Skip to main content

Stanley's audience is now global

by Dan Rosen

Swedish defenseman Nicklas Lidstrom leads all NHL defensemen in the league with 66 points.             Lidstrom Highlights
When Detroit Red Wings defenseman Nicklas Lidstrom brought the Stanley Cup home to Sweden in 2002, he began to realize its importance on the international level.

"The first year in 1997, I don't think they realized how big it is for the players over here," Lidstrom said. "I think once they saw the Stanley Cup and heard our stories by watching television and highlight tapes of the Stanley Cup and its history they began to understand. When I brought it back in '02 people had a better understanding of what it takes to win it, how much we appreciate winning it and why we're fighting so hard in May and June to win it."

Thanks to tradition and technology, the Stanley Cup has gained traction outside of North America over the past decade. When players bring it home to Russia or Sweden or Finland or the Czech Republic these days, the fans understand what they're seeing, smelling, touching, embracing and celebrating.

Like the game itself, the Stanley Cup has gone global in the Internet age.

"It was so far away when I was young," Rangers goalie Henrik Lundqvist, from Sweden, said. "When I was about 13 or 14 or 15, you could only watch a couple of games, but it was the middle of the night and we had school the next day. We would instead focus on Sweden in the World Championships, but of course you dreamt about (the Stanley Cup) and read about it. Everybody knew about it, and of course you knew it was very big to win. Media controls a lot, though, and if you can't really see it, you can't really understand it. Now you can watch more games and that's really good for the sport.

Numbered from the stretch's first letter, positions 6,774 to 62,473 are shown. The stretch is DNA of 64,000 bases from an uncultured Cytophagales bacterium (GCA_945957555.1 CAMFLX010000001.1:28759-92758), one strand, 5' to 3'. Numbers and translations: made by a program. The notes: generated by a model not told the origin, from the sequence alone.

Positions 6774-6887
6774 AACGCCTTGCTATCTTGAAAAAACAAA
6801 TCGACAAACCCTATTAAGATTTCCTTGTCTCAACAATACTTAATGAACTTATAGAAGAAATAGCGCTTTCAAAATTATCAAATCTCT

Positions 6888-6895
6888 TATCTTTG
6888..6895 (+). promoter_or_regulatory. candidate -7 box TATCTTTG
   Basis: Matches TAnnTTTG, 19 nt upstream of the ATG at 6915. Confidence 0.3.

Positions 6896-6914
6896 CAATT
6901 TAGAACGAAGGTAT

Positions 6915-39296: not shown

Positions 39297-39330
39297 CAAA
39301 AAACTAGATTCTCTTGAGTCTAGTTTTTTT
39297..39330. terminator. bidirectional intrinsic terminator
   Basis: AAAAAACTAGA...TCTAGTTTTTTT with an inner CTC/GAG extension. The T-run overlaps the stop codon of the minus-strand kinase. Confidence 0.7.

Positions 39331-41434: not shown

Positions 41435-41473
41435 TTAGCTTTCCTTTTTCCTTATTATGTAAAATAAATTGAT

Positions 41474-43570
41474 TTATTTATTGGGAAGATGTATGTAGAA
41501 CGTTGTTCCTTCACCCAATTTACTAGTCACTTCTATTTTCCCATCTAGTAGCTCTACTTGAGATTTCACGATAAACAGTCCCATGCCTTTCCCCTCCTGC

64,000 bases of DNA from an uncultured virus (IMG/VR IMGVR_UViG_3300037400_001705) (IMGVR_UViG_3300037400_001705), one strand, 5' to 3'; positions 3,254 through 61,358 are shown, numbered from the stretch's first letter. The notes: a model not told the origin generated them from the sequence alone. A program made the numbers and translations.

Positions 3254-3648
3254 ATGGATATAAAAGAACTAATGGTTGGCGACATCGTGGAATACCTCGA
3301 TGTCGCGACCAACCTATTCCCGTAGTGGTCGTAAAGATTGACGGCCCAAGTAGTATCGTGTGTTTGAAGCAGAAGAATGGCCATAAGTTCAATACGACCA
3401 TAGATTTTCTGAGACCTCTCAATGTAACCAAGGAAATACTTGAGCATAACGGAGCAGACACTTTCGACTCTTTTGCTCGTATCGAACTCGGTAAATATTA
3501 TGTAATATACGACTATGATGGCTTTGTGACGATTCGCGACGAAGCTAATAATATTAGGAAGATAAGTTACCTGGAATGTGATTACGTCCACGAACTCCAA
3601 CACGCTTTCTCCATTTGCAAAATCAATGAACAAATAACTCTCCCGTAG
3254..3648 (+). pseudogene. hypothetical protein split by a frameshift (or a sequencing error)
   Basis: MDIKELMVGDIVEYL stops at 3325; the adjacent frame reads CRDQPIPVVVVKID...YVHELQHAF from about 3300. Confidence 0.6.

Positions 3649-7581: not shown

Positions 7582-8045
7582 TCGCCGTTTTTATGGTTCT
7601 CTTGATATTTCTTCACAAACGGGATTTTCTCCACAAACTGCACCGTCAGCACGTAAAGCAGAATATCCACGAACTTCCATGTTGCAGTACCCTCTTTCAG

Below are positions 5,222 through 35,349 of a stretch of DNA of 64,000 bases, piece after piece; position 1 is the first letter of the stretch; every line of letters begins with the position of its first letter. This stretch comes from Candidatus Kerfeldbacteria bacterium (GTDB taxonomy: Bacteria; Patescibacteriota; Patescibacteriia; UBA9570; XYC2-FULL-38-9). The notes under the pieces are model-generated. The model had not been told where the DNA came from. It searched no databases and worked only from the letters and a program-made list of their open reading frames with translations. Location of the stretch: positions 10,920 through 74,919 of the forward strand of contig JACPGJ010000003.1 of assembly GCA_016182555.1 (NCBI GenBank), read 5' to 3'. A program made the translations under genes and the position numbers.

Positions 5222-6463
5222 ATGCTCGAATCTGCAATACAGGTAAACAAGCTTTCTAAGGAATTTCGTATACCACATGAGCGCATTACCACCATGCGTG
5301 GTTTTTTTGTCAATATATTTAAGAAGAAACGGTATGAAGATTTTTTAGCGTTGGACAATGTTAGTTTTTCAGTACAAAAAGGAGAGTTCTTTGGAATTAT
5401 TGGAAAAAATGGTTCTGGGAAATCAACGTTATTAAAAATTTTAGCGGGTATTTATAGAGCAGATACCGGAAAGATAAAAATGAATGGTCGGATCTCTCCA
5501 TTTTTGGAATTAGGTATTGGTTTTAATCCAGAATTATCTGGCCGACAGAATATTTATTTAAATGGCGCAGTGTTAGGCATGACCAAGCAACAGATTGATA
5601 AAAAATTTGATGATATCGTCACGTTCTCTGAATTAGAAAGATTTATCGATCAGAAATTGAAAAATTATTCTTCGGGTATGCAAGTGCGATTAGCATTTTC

"The NHL is growing in Europe, so the appeal of the Stanley Cup is growing, too."

The Stanley Cup first became an international figure in 1996 when Peter Forsberg brought it home to Sweden. A year later, three Russian members of the champion Red Wings -- Igor Larionov, Slava Fetisov and Slava Kozlov -- brought it to Moscow.

A tradition began.

Now, most every non-North American member of the Stanley Cup championship team brings the trophy home with him for at least a day. In most cases, the fans pack into rallies just to see their conquering hero with his chalice.

Last year, more than 10,000 people waited for Teemu Selanne in Rautatientori Square, the largest gathering spot in Helsinki, the Finnish capital. They let out a thunderous roar when Selanne arrived promptly at 5:30 p.m.

In 2000, when members of the Devils championship team, Petr Sykora and Patrik Elias, brought the Cup to their hometowns in the Czech Republic, Cup keeper Mike Bolt of the Hockey Hall of Fame said the reaction was stunningly awesome.

"It's hard to put into words because it's the Cup and everyone wants to see it," Bolt said. "In 2000, when we got off the plane the Cup was the first thing unloaded and we were escorted right into this press conference. We didn't even go through customs. It was like we were at a press conference at the Stanley Cup Final. It was huge."